The Electronic Frontier Foundation has a very useful website for Teaching Copyright issues. It is an excellent resource for teachers on a tricky subject. The website covers the issues in a balanced way I feel—it clearly states downloading copyrighted music without permission is illegal. However many of the subtle areas of fair use are discussed which are the important parts. I used their first lesson plan today and while the kids loved the Copy Quiz Game Show, I had some suggestions overall. I emailed them, but I thought I’d post them here too for others.
First of all, I made the mistake of jumping right in and not setting the context—why should my students care about copyright and fair use? I found my students took a while to focus and I think an introduction on the value of the lesson would help.
Second, some of the questions in the Copy Quiz Game Show are somewhat difficult to interpret when said out-loud. E.g. question 8: “Kathy downloads a few photos of local organic farms from Flickr.com… She follows the rules of the photographer’s specific CC license… That’s OK.” The true/false question hinges on just the last sentence and it is unnecessarily hard to parse when spoken aloud. Which “that” is ok? Also, in some of the questions, the teacher reads out statements which are false, such as “Paula wants to use a short quote from the Titanic in her school paper. That’s copyright infringement.” This statement is false, but in the confusion of the game, that is too easily lost. The students remember what the teacher said, but the true/false part is overwhelmed in the player’s run for a chair and the ensuing struggle. I recommend the questions be rephrased as situations, and the chairs are labeled as Legal and Illegal. That way students are concentrating on the situation and if it is legal or not. Rather than the specific phrasing of the last tricky sentence.
Flip Boom is a simple animation application for Mac OS X and Windows. It comes from the makers of Toon Boom, a well regarded animation package. I haven’t tried it out, but it looks cool from their website.
This year’s summer workshops were a huge hit. With most classes filled to capacity, we want to thank all new and returning Stratolab members. With such great students doing amazing work, Stratolab is always fun and rewarding for all.
To celebrate spring, Stratolab invites the public to visit our Upper West Side Studio for “StratoLounge.” All through May, when courses are not in session, StratoLounge will be open to everyone!
StratoLounge is a place to come hang out Tuesday – Saturday after school. Please come visit, use our computers, play games, do homework, or just chill out and have fun. Light and nutritious snacks will be served, and there will be short computer demonstrations every hour. StratoLounge is free and open to everyone. No appointment or registration is necessary, just drop in and join the fun.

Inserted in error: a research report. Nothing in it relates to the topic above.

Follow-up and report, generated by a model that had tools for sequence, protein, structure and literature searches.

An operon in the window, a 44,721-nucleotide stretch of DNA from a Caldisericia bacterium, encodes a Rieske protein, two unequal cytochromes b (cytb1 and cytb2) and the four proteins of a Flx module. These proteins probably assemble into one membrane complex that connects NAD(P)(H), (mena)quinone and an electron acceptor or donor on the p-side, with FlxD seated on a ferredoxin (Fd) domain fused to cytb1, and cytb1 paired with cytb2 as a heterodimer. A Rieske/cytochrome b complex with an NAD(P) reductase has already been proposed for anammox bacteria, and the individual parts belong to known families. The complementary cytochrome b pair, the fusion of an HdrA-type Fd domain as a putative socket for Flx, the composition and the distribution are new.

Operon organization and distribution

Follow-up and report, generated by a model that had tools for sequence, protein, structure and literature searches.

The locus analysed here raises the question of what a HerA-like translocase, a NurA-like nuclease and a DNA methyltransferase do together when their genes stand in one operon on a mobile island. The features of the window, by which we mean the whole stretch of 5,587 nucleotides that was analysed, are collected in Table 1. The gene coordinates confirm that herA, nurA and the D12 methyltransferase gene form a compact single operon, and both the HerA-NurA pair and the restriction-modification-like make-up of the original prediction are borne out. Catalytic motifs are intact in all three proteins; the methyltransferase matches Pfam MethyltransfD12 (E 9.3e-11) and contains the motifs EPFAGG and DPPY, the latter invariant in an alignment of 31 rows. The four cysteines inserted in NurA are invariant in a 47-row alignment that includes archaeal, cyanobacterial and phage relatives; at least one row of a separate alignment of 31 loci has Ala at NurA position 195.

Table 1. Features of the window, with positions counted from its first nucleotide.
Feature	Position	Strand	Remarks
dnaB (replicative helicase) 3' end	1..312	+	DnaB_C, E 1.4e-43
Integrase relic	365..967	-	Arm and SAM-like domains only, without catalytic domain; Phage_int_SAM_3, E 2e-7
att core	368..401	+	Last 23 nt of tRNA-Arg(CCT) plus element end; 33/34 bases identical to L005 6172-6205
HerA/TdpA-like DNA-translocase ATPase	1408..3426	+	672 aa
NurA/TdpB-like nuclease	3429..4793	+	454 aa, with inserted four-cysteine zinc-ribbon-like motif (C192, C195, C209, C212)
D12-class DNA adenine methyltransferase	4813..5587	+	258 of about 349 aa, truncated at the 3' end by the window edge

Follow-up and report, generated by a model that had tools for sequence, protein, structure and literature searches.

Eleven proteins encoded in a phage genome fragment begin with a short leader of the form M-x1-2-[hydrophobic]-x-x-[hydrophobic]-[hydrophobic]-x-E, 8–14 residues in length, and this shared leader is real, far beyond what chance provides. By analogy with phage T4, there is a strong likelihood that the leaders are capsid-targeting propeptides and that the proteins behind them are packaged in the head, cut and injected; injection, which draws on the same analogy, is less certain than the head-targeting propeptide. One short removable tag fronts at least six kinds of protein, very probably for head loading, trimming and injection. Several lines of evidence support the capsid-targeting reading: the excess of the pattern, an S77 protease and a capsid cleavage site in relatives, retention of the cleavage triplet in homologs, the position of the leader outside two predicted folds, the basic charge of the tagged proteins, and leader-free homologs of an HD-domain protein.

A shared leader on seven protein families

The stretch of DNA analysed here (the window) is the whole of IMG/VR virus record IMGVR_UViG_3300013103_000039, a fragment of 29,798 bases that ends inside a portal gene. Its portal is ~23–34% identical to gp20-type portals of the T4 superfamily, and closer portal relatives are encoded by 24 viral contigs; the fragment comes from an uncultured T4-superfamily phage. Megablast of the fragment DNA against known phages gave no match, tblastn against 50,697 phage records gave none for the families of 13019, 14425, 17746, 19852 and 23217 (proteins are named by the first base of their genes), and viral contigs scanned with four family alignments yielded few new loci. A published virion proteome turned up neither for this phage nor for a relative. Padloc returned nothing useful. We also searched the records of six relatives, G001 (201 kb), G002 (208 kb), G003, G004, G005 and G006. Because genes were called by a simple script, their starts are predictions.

We look forward lounging with you!
Stratolab is demonstrating at NY Comic Con. We have a booth number 2046. If you are at the DC Comics Booth, go 3 rows North towards “Artist Alley”, and turn left.
Only tangentially related to Stratolab, I just heard about a very interesting place in Brooklyn — LEMUR. They build musical robots and installations. I happened to meet one of the artists, Joshua Goldberg, and he is a fascinating guy. With a background in music, theater, computers and mechanics, his work looks very interesting.
Why are all comics about other people? Aren’t you the most interesting person around? Should you be a super hero instead of that Clark Kent dude? Here’s your chance. Starting January 4, our own Sebastian Mondrone will be coaching a new version of this course on creating cartoons using Comic Life and iMovie. For more information, see the course description.
Some of you may have heard of WNBC’s news segment “Wednesday’s Child”. Every week Janice Huff interviews a foster child who would like to be adopted. They find out some interest of the child such as sports, music, or…video games, and they arrange for him or her to get a lesson. It’s a wonderful program.
They found me somehow and asked if I could teach a young man named Mauricio a bit about video game programming, and then use my studio for the the interview. I was honored to help out and I had a really good time with Mauricio. He was quiet but very intelligent and picked up what I was showing him immediately. I wish him the best fortunes for his future. Truly a worthwhile cause and I was glad to help in a small way.
After many months of searching, we’ve finally found the perfect place for our studio, a.k.a. Stratolab Internation Headquarters. It’s on West 72nd Street on Manhattan’s Upper West Side where most of our clients are, near the express subway stop for the 1/2/3 trains and also the B/C trains. It’s next to ButterCup Bakery and just a block and a half from Central Park. We have a quiet area for working on computers or robots, and another comfortable area for discussing ideas and projects.
Some of my students have been using Comic Life to work on storytelling. I was inspired to use comics with my students by my friend Sebastian Mondrone who is an amazingly creative guy and a comic author himself. Comics are a great way to work on creative writing at a younger age because the visuals make it compelling, and you can tell a lot of story with just a bit of writing.
One thing that I’ve realized is that what I think is a good story is not necessarily what others think, and that it’s important to let students have the freedom to express their ideas despite my better judgement.
For more examples of Comic Life storytelling, check out Ido and Jordan’s page.